GlaxoSmithKline and the FDA entreaty

GlaxosmithKline, the maker of Nicorette and Nicoderm, have petitioned the FDA to remove dissolvable tobacco products on the grounds that a better action would be to enhance their own product and make it more widely accessible. They argue as well that there is a lack of efficacy of smokeless products in regards to smoking cessation and that they are marketed in such a way as to initiate and perpetuate smoking. (Article link here.)

(Let’s just remove that last phrase first since it has been discussed here before: tobacco companies are not allowed to market these products as cessation aids or to accurately describe them as safer; such claims might encourage switching. They are restricted to marketing their much safer than smoking products only as “for when you cannot smoke”. So it is disingenuous to criticize a company for using the only marketing hook left if they are not allowed to promote the rational use of these products.)

This message from this successful company (45 billion in revenue in 2009) has been widely criticized as trying to obtain competitive advantage at a time when smokeless products are at their most vulnerable. Not only is the FDA focusing on these products but the advisory panel is stacked with members who have financial interests in pharmaceutical products. As a business strategy, this makes sense.

What is less obvious is how amoral and possibly evil this action is. Though I hesitate to apply “evil” to these machinations, what else can you call an action that could result in many dying as a result not of their principles but of your own, and principles solely in the interest of profit?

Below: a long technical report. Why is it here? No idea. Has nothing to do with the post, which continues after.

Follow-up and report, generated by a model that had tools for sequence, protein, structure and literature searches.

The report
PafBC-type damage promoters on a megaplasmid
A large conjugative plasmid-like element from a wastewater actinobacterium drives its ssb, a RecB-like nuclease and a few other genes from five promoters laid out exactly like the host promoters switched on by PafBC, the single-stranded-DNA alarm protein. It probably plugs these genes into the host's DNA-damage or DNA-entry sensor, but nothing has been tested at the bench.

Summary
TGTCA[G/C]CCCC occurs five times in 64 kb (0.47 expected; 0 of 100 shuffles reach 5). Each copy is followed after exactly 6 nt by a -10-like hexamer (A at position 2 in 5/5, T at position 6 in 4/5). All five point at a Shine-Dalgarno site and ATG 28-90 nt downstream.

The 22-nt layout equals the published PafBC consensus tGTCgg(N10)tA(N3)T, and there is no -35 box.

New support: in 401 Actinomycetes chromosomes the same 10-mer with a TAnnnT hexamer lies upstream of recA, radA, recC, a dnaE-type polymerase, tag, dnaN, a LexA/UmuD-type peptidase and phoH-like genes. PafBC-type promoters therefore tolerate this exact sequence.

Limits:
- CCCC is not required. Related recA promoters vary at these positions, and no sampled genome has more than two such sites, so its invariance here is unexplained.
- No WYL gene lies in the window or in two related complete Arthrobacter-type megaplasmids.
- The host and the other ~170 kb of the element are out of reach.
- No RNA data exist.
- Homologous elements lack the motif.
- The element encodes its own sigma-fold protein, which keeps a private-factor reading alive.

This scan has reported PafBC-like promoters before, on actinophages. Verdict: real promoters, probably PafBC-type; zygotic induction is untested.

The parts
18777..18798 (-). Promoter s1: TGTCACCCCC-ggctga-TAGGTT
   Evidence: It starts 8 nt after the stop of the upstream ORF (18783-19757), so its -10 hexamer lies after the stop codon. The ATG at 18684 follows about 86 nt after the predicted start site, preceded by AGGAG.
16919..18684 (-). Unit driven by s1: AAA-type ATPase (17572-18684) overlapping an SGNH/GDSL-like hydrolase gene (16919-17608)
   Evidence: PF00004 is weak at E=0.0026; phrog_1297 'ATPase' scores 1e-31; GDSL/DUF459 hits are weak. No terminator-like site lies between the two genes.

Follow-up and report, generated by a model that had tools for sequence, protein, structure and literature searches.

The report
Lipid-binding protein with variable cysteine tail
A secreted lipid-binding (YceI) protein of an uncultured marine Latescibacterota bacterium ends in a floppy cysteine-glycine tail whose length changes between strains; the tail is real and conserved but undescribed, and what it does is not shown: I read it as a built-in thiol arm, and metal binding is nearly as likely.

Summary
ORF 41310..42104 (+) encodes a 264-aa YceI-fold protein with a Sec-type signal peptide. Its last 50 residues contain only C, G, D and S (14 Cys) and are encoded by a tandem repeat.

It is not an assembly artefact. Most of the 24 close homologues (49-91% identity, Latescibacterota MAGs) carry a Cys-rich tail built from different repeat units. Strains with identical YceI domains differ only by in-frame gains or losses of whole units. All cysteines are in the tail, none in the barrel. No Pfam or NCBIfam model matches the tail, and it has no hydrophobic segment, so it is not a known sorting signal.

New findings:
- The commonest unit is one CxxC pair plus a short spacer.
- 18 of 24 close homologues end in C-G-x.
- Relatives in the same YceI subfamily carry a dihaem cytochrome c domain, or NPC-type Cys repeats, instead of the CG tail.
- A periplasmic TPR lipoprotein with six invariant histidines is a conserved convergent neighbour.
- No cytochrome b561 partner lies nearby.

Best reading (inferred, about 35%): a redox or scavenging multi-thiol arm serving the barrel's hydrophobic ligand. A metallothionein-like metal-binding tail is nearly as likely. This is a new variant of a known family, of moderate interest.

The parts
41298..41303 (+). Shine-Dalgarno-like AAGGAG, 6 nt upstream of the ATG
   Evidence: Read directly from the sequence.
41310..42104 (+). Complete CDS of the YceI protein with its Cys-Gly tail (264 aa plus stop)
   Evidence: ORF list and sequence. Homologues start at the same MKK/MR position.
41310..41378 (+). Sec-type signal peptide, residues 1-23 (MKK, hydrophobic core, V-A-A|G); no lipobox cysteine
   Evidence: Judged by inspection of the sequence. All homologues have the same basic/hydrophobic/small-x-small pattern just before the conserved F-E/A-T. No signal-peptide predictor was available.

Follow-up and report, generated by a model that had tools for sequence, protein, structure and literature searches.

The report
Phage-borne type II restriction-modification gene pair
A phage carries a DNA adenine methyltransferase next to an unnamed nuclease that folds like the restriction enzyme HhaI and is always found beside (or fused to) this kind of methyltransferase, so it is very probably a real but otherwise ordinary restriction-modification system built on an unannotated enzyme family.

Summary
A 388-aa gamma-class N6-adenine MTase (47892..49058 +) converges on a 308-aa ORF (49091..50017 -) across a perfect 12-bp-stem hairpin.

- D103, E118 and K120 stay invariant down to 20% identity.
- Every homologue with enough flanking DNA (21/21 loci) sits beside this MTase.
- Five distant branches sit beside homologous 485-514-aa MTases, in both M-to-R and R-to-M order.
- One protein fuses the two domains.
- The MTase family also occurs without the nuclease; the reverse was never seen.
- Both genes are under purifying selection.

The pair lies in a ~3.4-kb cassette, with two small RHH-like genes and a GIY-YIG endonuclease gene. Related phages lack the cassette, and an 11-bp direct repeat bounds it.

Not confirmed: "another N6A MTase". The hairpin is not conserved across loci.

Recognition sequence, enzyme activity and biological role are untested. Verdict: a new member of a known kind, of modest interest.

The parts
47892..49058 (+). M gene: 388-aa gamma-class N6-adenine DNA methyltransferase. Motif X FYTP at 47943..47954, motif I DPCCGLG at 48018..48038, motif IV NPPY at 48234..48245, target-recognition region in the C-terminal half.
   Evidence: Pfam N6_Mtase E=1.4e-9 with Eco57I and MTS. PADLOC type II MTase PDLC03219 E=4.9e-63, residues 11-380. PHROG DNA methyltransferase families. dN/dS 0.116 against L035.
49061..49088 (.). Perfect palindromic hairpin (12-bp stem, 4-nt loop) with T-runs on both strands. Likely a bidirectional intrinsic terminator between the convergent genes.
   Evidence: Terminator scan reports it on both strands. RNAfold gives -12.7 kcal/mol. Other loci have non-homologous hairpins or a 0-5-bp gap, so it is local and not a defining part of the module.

We know that people smoke or do not smoke for many reasons. We know that they vary quite a bit in how difficult it is for those who wish to quit to do so, and that for different people, different methods are successful. It is all about individual differences. This means that some people will not be able to quit using pharmaceutical products which in itself means that if those are the only option, the people that could have succeeded by other means are needlessly doomed by removing those alternatives.

I understand the concerns of makers of these pharmaceutical nicotine products. With the new smokeless tobacco products, the distinctions between the two categories are becoming quite subtle. And if anybody has long term evidence of relative safety on their side, it is the tobacco products. We have decades of good data on populations using these products day in and day out for years and we do not have that for pharmaceutical products. They are likely to be as safe as smokeless tobacco if so used but we don’t have the proof of that because people have not been using them that way.

What we do have is evidence in support of is that smokeless tobacco products outperform pharmaceutical nicotine in helping people quit smoking (see Rodu and Phillips).

And this same press release has the temerity to use the old “Tobacco use, including smokeless tobacco, is the largest cause of preventable death and disease in the world. More than 400,000 Americans die every year from tobacco-related disease.” For one thing, the stale move of collapsing “including smokeless tobacco” into this figure is misleading (one could have included “eating apples and oranges” and the statement does not become false). But the key word as always is preventable. Is not this impeding one of the more successful means of avoiding disease while using nicotine not preventable?

Finally, our modern anti-tobacco culture has allowed this story to be construed only as a slightly sleazy business move but imagine if RJ Reynolds or some tobacco company had issued the same release regarding pharmaceutical products. They would actually have had the stronger case (not that any alternative should be removed) but imagine the op eds on that, the outcry from the American Heart Association and so many others.

-Paul L. Bergen

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